As we digest the latest ONS inflation data published this morning, which showed UK inflation coming in at 11.1% for the twelve months to October – and which has exceeded most experts’ expectations – it’s clear from what IFAs, mortgage brokers, investment and financial experts are saying that this latest bombshell just reminds us all that there are significant problems ahead for borrowers and savers like.
What do our experts say? Their comments are shown below:
Graham Cox, founder of the Bristol-based broker, SelfEmployedMortgageHub.com: “These latest figures make grim but unsurprising reading. Inflation continues to rise sharply and shows no sign of abating. It’s now more likely there will be another hefty base rate rise at next month’s Bank of England Monetary Policy Committee meeting. Central banks are competing to protect their currencies from falls that increase domestic inflationary pressures, particularly in the price of imported and Dollar-denominated gas and oil. While further rate rises are good news for long-suffering savers, who will finally see a decent return, mortgage rates will only get more expensive next month. The level of payment shock next year for those remortgaging will be off the charts.”
Laura Suter, head of personal finance at AJ Bell, comments: “The rise in energy bills in October has pushed inflation to a new high, with CPI hitting 11.1% in October, taking it to the highest rate for more than 40 years. This is broadly in line with the Bank of England’s latest expectations, but as recently as February the Bank was expecting a peak of around 7% this year – showing just how fast the environment is changing.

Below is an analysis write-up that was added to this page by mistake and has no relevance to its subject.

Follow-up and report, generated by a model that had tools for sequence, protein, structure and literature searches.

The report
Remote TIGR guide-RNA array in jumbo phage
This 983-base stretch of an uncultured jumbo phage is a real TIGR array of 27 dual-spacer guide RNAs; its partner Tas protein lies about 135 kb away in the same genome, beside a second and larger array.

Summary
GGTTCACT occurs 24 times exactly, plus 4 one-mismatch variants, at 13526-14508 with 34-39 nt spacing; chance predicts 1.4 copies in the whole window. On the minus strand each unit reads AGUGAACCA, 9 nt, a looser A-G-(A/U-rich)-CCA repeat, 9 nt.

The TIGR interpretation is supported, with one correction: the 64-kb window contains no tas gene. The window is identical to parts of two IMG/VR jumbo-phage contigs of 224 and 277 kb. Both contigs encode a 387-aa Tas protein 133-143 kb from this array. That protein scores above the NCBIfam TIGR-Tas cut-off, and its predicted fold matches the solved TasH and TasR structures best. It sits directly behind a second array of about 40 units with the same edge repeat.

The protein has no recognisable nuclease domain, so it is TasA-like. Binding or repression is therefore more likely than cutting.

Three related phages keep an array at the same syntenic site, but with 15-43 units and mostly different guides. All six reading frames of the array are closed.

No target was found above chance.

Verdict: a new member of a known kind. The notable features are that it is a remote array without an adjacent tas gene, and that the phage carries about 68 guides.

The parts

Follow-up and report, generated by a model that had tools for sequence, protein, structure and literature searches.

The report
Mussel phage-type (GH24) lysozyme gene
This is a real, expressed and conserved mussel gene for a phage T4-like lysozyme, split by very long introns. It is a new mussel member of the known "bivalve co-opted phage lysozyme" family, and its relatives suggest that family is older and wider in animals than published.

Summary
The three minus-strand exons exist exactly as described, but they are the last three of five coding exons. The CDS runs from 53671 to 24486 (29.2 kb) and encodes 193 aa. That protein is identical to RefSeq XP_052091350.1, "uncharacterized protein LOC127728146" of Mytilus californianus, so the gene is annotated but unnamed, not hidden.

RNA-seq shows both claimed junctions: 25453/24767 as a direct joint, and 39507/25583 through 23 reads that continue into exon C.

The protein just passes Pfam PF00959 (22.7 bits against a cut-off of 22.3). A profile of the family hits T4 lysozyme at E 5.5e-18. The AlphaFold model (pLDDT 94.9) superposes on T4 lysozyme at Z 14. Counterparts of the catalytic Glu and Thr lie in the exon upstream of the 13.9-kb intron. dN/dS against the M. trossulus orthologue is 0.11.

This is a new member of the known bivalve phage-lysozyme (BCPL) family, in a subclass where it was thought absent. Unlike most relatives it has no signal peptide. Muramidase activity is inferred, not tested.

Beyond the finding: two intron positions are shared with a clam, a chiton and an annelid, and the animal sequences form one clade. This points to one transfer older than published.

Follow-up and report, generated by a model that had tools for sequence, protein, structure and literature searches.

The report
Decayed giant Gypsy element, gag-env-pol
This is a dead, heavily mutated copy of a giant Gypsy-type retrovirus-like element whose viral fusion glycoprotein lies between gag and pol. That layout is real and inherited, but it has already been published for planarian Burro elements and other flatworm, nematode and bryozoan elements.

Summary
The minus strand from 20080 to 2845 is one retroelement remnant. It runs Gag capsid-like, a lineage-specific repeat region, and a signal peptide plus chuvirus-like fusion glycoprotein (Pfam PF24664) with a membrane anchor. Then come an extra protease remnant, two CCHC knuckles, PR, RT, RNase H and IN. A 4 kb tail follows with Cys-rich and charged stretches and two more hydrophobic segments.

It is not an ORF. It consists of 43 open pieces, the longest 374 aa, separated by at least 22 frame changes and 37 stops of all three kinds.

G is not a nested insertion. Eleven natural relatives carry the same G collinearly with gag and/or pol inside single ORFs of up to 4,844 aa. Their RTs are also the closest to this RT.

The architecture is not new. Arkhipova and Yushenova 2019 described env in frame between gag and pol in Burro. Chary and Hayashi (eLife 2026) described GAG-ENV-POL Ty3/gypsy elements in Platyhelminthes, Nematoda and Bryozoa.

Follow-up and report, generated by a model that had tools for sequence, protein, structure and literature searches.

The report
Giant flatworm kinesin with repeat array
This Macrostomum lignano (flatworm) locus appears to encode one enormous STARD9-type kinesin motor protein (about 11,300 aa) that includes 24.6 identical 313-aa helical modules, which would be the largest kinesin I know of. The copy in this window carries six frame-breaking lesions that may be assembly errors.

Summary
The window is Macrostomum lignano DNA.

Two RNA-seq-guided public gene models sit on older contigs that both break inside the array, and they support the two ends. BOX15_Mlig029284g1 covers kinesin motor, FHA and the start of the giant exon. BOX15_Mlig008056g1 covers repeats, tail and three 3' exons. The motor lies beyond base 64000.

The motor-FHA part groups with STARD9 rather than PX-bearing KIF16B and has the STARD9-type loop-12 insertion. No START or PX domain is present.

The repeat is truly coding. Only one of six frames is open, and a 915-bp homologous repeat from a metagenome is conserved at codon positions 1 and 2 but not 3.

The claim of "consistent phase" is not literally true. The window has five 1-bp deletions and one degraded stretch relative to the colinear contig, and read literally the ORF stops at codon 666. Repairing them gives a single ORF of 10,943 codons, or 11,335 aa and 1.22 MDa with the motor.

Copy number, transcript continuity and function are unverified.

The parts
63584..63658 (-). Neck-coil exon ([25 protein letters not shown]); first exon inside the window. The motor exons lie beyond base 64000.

“Buried in the details of the data are some alarming facts. In the past month alone we saw the same increase in prices that we did in the entire year to July last year. On top of that, energy costs have risen by almost 90% in the past year, with gas prices more than double what they were a year earlier. That clearly is unsustainable for families.
“The Government’s Energy Price Guarantee had been heralded as a way to keep inflation down, but the ONS figures show that it didn’t have the huge limiting effect that many claimed. It projects that inflation would have hit 11.8% in October had the cap on energy costs not been introduced.
“It’s not just energy costs rising, food prices have shot up again, seeing the highest inflation for this category in more than 45 years. Anyone who has done their weekly shop will feel this keenly, and while many are trading down and ditching the brand names, others are simply having to go without.